Dublin Book Festival 2012

The New Generation of Publishers: ebooks vs books, Dublin Book Festival 2012

There was a lively and sparky panel discussion last night in Smock Alley Theatre, as part of the 2012 Dublin Book Festival, when Kemberlee Shortland (Tirgearr Publishing), Antony Farrell (Lilliput Press), Eoin Purcell (New Island, Irish Publishing News, TheIrishStory.com) and I came together to compare experiences of working in digital publishing and to hazard guesses on the future of the industry. Eoin chaired the discussion and I must say, he played a blinder in prompting honest and stimulating responses from us, giving time to each of our distinct and lucid positions and steering the debate between us and our informed and ready audience.

I was delighted to be given the opportunity to talk about the beginnings of THE SOUTH CIRCULAR, our experience so far and our dreams for the future of our ejournal. Preparing for the discussion, as it would place our work alongside such literary stalwarts as Lilliput Press and dynamic personae as Eoin and Kemberlee, was an extraordinary way to focus my mind on one particular aspect of our work which has become more and more important of late. Where to next? And how do we get there?

A lively debate also ensued on Twitter after the event and now seems a good time to finish a train of thought I began during the talk itself. It has since been suggested that I don’t actually like digital. I never said I don’t like digital. I said that ePub, the free publishing tool we use to produce each issue, has suited THE SOUTH CIRCULAR for starting out and for the time being. But that in order for our ejournal to compete on an international stage of digital periodical publications (like the McSweeney’s app, Letter to Jane, Moving Tales) we must gather a team of extremely talented, technologically creative practitioners; those who work every day in creative discovery via interactive design, graphic design, art direction and digital development. Those who are willing to consider the sociological, philosophical and anthropological consequences of the development of digital texts, what we now call eBooks. Those who are able to take the basic principles of text consumption, as it happens now and to think about and then create ways for the form to meet the challenge of the hypervoluminousness of digital.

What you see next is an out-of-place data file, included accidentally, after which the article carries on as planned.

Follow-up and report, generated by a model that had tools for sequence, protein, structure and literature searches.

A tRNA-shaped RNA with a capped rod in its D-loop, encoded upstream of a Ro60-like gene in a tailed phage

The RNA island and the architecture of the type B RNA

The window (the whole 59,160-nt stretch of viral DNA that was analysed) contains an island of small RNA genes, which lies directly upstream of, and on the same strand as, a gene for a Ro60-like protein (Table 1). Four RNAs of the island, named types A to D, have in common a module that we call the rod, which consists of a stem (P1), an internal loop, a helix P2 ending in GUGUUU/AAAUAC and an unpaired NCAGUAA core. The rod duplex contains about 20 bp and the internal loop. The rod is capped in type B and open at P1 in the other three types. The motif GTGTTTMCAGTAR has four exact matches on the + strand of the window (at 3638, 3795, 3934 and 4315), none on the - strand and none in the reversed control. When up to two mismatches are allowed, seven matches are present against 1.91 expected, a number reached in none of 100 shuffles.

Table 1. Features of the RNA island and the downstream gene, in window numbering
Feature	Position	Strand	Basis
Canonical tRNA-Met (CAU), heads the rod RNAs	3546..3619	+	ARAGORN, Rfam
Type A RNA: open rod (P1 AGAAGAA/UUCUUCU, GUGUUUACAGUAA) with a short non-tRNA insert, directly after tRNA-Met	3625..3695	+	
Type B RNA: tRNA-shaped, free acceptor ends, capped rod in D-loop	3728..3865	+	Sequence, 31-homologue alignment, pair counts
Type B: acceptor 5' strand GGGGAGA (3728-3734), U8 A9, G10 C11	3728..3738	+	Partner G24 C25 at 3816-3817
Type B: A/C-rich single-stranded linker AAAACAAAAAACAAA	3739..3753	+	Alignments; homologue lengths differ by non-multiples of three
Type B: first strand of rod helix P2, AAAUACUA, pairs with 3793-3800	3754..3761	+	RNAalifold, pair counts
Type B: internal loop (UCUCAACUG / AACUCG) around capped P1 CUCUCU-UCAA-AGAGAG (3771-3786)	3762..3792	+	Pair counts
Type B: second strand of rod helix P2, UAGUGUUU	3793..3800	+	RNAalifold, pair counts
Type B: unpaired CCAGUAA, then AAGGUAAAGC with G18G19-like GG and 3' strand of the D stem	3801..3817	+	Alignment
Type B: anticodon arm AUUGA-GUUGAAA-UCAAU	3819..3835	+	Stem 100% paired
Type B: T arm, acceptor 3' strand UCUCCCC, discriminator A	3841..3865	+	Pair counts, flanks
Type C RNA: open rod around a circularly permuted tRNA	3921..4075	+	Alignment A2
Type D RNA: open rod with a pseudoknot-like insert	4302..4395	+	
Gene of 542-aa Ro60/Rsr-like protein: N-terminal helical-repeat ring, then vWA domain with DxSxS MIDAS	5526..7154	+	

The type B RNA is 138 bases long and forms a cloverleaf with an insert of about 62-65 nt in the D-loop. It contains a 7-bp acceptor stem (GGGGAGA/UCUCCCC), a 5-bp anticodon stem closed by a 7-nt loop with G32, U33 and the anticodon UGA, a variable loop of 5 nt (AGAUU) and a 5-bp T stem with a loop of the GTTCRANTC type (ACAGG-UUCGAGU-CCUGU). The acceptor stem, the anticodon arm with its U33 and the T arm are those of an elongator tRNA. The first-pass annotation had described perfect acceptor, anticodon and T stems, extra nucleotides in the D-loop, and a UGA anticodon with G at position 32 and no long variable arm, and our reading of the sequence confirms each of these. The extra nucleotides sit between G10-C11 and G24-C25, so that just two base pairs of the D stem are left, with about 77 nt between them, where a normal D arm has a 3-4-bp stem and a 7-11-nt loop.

Because I thoroughly agree with Craig Mod when he says the question is not ‘How do we change books to read them digitally?’ The more interesting question is, ‘How does digital change books?’

In order to bring these people together, in the hope that they may find a way to work together, I and my present team will continue to study the movements in these disciplines and will work towards an opportunity for collaboration. This is one of the huge advantages of working on a labour of love like THE SOUTH CIRCULAR; we can learn so much as we move towards a better format for our ejournal. Our aim is the same as any self-respecting literary publisher: to publish good work. It seems to us that the most expressively and coherent digital manifestations of this work are and will continue to be the textual products made for iPads, iPhones & Android phones. This is why we look at newspapers, magazines, other periodicals of short content. And so we applaud and we respect those publishers who are actively engaging with these coherent expressions as they are realized by interactive design, graphic design and digital art. And because we are not driven by sales or markets, we can afford to take the time to find the best digital form for the best textual content.